I remember sitting at my laptop reading the international news when a blog message came through about young Zack Stark who after having come out to his parents, was being sent (against his will) to rehabilitation therapy with an ex-gay ministry known as "Love in Action". I remember reading the blog post with both anger and concern, desperate to know more about what was happening in this young man's life, especially as I was sitting at the other end of the world. Zack was reaching out for some support, understanding and dare I say love, and the world responded. Through his friends passing on the message, the story spread and within moments young gay and lesbian men and women (with their straight allies) had mobilised. Then Zack disappeared into the confines of "Love in Action" and for eight weeks neither his friends nor the world knew what was happening, or how Zack was feeling.
Outside "Love in Action" his friends and supporters had gathered, using loud speakers and a simple message of hope, love and tolerance they reached out to him and others. Days passed and they stayed, reaching out to all that would listen. Inside the counsellors unaware of the international outpouring of concern seemed at first oblivious, only to realise that it was not something that could be ignored. The activists outside challenged them saying if as an adult you want to undergo such therapy (with your eyes wide open) as a consenting adult, then so be it. However, as an unwilling young man (or women) that is an entirely different thing. Where are the rights of young men and women struggling with self-identity and the realisation that they are gay? Are these not legitimate struggles deserving of a reasoned, tolerant and appropriate response? Or are we to allow the concerns of others (in this particular case parents) to outweigh the rights of these young men and women.
The documentary deals with many of these issues in a manner which is sensitive to all those concerned. Due consideration is given to both sides of the debate, which makes for some fascinating insight into the motivations behind those that would seek to convert the sexual orientation of others. Whilst Zack's parents did not participate in the documentary, previous interviews given by his father are shown, giving the audience some insight into his mind. What is clear is that he loves his son, and he thinks that he is doing the right thing. What is not clear is whether his motivation is entirely divorced from his own attitudes to homosexuality, and whether he is not allowing age old prejudices and religious positions to augment that concern. Who is he concerned with in the end?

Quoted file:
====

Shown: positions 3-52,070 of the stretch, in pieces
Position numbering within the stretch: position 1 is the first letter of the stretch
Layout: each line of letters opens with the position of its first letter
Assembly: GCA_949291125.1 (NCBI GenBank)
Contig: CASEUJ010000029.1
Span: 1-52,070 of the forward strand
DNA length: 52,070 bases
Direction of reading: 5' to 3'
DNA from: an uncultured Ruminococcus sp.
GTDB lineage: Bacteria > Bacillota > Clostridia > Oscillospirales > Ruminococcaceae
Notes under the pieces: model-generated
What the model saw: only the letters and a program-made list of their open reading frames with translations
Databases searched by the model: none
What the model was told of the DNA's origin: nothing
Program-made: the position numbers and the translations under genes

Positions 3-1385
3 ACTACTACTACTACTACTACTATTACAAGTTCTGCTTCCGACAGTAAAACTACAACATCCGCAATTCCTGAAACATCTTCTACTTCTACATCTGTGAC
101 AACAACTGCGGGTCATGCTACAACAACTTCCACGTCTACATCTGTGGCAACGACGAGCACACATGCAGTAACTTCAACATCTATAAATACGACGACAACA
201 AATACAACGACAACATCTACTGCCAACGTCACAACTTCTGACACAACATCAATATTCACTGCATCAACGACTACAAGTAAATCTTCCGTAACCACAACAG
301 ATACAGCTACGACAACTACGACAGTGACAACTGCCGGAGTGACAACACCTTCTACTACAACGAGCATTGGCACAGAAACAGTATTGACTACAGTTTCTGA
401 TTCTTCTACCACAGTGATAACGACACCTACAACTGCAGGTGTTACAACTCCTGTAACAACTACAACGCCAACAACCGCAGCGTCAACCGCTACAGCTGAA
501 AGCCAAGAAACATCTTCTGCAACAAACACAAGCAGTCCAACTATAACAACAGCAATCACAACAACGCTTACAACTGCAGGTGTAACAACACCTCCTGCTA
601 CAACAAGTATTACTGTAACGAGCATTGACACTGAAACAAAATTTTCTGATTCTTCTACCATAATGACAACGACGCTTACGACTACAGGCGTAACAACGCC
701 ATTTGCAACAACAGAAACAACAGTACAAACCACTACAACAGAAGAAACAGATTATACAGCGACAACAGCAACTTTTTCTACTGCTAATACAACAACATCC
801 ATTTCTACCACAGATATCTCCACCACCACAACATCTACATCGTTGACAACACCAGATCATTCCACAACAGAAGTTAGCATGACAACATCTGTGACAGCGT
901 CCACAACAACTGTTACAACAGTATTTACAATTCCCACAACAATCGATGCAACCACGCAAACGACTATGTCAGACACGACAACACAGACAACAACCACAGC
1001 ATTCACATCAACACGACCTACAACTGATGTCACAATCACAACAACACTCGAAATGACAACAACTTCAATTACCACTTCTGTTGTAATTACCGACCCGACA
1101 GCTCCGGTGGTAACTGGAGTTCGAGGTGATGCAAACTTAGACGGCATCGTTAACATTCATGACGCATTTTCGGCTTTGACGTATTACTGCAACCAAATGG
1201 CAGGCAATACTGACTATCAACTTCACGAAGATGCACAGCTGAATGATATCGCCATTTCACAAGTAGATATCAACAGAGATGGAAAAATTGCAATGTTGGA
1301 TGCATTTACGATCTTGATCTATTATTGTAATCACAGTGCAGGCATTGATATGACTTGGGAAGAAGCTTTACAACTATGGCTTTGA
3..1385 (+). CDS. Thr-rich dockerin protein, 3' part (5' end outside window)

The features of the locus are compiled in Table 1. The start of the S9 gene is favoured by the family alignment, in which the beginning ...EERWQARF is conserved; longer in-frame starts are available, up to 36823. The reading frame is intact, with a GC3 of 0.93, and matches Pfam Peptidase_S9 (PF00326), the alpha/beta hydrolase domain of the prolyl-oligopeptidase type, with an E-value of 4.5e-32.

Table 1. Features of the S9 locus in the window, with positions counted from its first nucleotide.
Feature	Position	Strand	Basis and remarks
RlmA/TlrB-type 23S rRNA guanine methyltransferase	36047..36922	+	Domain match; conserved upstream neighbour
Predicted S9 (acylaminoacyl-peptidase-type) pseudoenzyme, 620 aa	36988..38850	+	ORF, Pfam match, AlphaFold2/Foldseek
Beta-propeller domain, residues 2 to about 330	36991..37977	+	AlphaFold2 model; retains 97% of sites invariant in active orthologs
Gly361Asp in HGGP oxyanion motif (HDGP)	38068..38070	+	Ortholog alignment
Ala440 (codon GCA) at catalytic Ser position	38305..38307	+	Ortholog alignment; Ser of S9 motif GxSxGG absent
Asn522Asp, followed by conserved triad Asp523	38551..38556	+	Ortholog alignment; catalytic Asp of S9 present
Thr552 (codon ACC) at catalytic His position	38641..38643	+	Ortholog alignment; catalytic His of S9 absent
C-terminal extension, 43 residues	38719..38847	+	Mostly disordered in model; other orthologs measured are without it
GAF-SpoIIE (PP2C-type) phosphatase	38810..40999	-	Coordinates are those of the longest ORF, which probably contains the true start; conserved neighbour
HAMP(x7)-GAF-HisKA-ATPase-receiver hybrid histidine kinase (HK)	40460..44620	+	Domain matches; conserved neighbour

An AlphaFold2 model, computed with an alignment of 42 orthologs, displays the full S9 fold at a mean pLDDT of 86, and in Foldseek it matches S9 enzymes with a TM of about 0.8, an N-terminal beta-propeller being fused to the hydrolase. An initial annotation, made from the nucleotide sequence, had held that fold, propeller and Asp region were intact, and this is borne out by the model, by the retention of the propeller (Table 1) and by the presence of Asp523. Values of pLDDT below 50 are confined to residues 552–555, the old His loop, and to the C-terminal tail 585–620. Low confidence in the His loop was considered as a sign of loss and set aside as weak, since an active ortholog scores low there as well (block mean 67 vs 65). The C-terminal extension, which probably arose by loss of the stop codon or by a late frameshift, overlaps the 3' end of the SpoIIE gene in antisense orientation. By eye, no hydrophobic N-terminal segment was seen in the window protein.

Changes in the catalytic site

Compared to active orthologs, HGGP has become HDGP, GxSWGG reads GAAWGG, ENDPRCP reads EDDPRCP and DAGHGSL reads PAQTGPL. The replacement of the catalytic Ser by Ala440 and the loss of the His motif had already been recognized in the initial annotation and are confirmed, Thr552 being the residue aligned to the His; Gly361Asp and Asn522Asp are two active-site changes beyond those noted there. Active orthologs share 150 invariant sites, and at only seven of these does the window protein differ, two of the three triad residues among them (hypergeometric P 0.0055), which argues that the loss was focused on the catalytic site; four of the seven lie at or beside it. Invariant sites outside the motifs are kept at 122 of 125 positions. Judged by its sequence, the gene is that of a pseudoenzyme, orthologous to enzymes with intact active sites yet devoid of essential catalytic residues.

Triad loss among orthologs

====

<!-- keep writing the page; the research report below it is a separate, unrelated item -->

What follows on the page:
Zack is a delightful young man who is both articulate and well reasoned, although it is painfully obvious to the audience the true nature of his thoughts, emotions and experiences are being rationed. He is not free (whatever reason) to speak his mind, and his response whilst sincere is both measured and unclear. Almost as if he knows that to speak his mind, there will be consequences not only for himself but the lives of those around him. Perhaps the debate is far too big for him to bare (and in truth he really shouldn't have to), and all he wants is the freedom to be himself in a world that accepts him for who he is. Is this too much to ask? Perhaps it is, especially when considering the vested interests.
This story is a must for anyone interested in this debate, regardless of which side of the issue you stand.